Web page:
Antiphospholipid Antibody Syndrome is a rare autoimmune disease mostly commonly observed in young women. Other accepted names for this disorder include antiphospholipid syndrome (or APS), lupus anticoagulant (LA) syndrome, APLS, APS, PAPS, primary antiphospholipid syndrome and Hughes syndrome. Those affected make abnormal proteins called antiphospolipid antibodies in the blood. This causes the blood to flow aberrantly and can lead to blood clots. APS can also cause problems for developing fetuses or cause miscarriage.
The exact prevalence of APS is not known but is estimated to be 2-4 percent of the population. Additionally, it is estimated that 50 percent of APS patients will have the primary form, although 10 percent will later go on to be diagnosed with an autoimmune disorder at a later date. In a recent study, it was found that 17 percent of patients with stroke and 3 percent with myocardial infarction were found to have the lupus anti-coagulant compared to 0-7 percent of controls.
What are the symptoms of APS?
- Blood clots in the legs (DVTs)
- Pulmonary embolisms (clots that have traveled to the lungs)
- Recurrent miscarriages or stillbirths
- Peripheral arterial thrombosis
- Chronic headaches
- Livedo reticularis
- Cardiovascular diseases
- Movement Disorder
- Cognitive problems
- Sudden hearing loss
This disorder is not always so easy to diagnose. A person who is found to have antiphospholipid antibodies but no signs or symptoms does not necessarily have APS. In a similar fashion, a patient with suggestive signs or symptoms but a negative antibody test is not always free of the disease either. When there are suggestive signs or symptoms, the doctor will likely order blood tests. Three APS antibodies are often tested: anticardiolipin, beta-2 glucoprotein, and lupus anticoagulant. A single test cannot test all the possible autoantibodies and that is why three need to be tested. At least one of them must be positive on two occasions tested at least 3 months apart in order to confirm the diagnosis. The likelihood of symptoms increases with a higher level of the test and a greater number of positive tests. A person may be a carrier for certain clotting proteins.
There is no specific treatment for APS. Rather, it is targeted at current clinical status and history of thrombotic events.
How is APS treated?
- First, eliminate risk factors such as the use of oral contraceptive pills and smoking.
- Treat hypertension and hyperlipidemia
- Properly manage any underlying autoimmune disorder
- If a patient needs hospitalization or surgery, medication should be given for the prevention of clots. Low dose aspirin is widely used in this setting. In patients allergic to aspirin, clopidogrel has been used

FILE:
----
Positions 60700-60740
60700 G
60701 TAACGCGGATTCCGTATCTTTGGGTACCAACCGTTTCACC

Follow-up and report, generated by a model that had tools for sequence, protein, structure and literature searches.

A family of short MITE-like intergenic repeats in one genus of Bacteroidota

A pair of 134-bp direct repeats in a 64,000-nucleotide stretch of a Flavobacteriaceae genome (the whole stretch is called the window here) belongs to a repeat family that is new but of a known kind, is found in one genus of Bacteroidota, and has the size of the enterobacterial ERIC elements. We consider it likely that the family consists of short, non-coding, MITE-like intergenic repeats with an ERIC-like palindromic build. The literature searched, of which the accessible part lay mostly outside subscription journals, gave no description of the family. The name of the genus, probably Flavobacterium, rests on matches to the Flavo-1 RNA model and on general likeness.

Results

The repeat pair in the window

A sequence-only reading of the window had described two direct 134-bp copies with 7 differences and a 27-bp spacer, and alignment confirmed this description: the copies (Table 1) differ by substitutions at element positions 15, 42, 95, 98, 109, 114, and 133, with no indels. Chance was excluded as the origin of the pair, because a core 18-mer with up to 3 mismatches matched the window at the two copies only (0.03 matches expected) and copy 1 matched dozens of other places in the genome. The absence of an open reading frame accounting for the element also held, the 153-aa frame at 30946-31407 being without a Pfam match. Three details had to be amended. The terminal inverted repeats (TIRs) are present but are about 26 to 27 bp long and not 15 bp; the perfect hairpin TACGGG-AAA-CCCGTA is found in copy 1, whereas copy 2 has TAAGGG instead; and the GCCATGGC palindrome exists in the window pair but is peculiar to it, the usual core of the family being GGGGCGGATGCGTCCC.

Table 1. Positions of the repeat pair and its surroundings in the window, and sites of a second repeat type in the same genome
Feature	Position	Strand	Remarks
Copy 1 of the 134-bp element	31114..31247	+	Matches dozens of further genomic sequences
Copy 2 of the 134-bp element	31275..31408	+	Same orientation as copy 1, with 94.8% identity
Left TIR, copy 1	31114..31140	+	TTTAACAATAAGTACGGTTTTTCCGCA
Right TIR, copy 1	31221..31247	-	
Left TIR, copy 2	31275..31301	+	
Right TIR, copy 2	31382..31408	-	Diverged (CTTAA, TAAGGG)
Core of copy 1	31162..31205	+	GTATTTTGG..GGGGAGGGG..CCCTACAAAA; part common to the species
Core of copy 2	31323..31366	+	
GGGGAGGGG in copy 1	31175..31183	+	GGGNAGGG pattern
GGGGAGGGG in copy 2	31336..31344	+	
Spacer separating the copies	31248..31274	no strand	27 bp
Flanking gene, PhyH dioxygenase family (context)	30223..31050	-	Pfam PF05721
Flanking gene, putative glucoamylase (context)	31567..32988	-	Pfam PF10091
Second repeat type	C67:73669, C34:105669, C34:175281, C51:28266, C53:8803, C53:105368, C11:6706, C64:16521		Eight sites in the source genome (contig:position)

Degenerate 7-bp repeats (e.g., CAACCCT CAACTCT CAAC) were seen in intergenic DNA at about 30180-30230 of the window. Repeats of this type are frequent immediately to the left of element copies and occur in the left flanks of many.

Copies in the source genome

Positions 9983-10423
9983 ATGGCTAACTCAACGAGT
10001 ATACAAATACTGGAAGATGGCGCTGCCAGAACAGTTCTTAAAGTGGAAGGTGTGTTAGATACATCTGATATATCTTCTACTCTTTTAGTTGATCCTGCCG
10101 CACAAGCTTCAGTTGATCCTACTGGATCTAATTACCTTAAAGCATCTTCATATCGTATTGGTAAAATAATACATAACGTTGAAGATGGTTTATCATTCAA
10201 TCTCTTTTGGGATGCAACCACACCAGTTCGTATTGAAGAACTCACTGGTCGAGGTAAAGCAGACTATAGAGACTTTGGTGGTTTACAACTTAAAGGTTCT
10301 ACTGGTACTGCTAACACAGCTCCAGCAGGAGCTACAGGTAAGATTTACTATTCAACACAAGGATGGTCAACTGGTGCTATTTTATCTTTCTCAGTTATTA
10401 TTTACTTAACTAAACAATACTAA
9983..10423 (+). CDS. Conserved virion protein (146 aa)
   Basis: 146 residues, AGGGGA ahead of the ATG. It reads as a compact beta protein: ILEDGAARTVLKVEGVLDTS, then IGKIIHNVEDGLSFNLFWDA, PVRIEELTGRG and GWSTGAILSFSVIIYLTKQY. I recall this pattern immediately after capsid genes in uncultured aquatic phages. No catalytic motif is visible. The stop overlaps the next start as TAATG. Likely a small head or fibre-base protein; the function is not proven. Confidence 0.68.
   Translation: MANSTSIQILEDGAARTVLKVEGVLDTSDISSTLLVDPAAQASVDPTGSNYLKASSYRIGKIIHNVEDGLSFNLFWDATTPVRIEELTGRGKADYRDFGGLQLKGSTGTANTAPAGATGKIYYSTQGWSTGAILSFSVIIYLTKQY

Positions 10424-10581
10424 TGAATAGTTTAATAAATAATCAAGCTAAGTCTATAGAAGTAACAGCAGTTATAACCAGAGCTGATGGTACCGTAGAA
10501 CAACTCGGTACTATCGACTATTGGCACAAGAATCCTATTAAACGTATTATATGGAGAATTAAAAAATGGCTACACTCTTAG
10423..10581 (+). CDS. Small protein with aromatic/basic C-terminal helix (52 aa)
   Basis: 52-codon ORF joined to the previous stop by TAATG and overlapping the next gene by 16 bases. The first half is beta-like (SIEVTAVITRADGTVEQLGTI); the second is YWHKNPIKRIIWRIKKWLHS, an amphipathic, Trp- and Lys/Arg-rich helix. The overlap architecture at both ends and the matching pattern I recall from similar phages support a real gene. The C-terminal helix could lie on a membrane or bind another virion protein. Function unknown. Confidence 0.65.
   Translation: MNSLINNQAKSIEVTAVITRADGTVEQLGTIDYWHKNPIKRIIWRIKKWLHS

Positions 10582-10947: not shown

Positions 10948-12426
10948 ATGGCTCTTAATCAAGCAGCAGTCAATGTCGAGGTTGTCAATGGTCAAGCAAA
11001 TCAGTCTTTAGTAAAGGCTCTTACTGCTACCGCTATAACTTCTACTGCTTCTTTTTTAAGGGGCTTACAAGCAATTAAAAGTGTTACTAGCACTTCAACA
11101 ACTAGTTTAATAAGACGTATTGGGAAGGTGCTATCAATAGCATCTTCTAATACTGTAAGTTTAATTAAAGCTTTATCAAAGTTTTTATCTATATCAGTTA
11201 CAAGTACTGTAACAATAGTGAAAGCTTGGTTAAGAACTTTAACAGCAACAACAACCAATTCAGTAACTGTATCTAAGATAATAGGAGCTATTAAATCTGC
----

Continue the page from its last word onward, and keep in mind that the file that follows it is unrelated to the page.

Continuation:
- Statins should be considered to use in patients with hyperlipidemia
- If a clot is present, full anti-coagulation should be done using IV or subcutaneous heparin followed by therapy with warfarin.
- Women with APS during prior pregnancies should preventative anti-coagulation during pregnancy and for 6 weeks post-partum. Usually subcutaneous heparin is used.
- In patients with catastrophic APS, plasma exchange may be needed
There are some people more likely to develop APS than others. For example, certain infections are pre-disposing factors. These include HIV, syphillus, hepatitis C and Lyme disease. Certain medications can also be risk factors for developing APS and these include hydralazine, quinidine, Dilantin and amoxicillin. Additionally, genetic factors seem to play a role.
Some patients will carry the antibody but never develop any symptoms. However, the risk of clots can increase during pregnancy, periods of immobility, undergoing surgery, smoking, taking birth control pills, and having elevated lipid levels.
There are some investigational studies being conducted.
Information on current clinical trials is posted on the Internet at www.clinicaltrials.gov. All studies receiving U.S. Government funding, and some supported by private industry, are posted on this government web site.
For information about clinical trials being conducted at the NIH Clinical Center in Bethesda, MD, contact the NIH Patient Recruitment Office:
Tollfree: (800) 411-1222
TTY: (866) 411-1010
For information about clinical trials sponsored by private sources, contact:
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About the Author
Dr. Linda Girgis MD, FAAFP is a family physician in South River, New Jersey. She has been in private practice since 2001. She holds board certification from the American Board of Family Medicine and is affiliated with St. Peter’s University Hospital and Raritan Bay Hospital. She teaches medical students and residents from Drexel University and other institutions. Dr. Girgis earned her medical degree from St. George’s University School of Medicine. She completed her internship and residency at Sacred Heart Hospital, through Temple University where she was recognized as intern of the year. She is a blogger for Physician’s Weekly and MedicalPractice Insider as well as a guest columnist for Medcity New, PM360 and HIT Outcomes. She has had articles published in several other media outlets. She has authored the books, “Inside Our Broken Healthcare System”, “The War on Doctors” and “The Healthcare Apocalypse.” She has been interviewed in US News and on NBC Nightly News.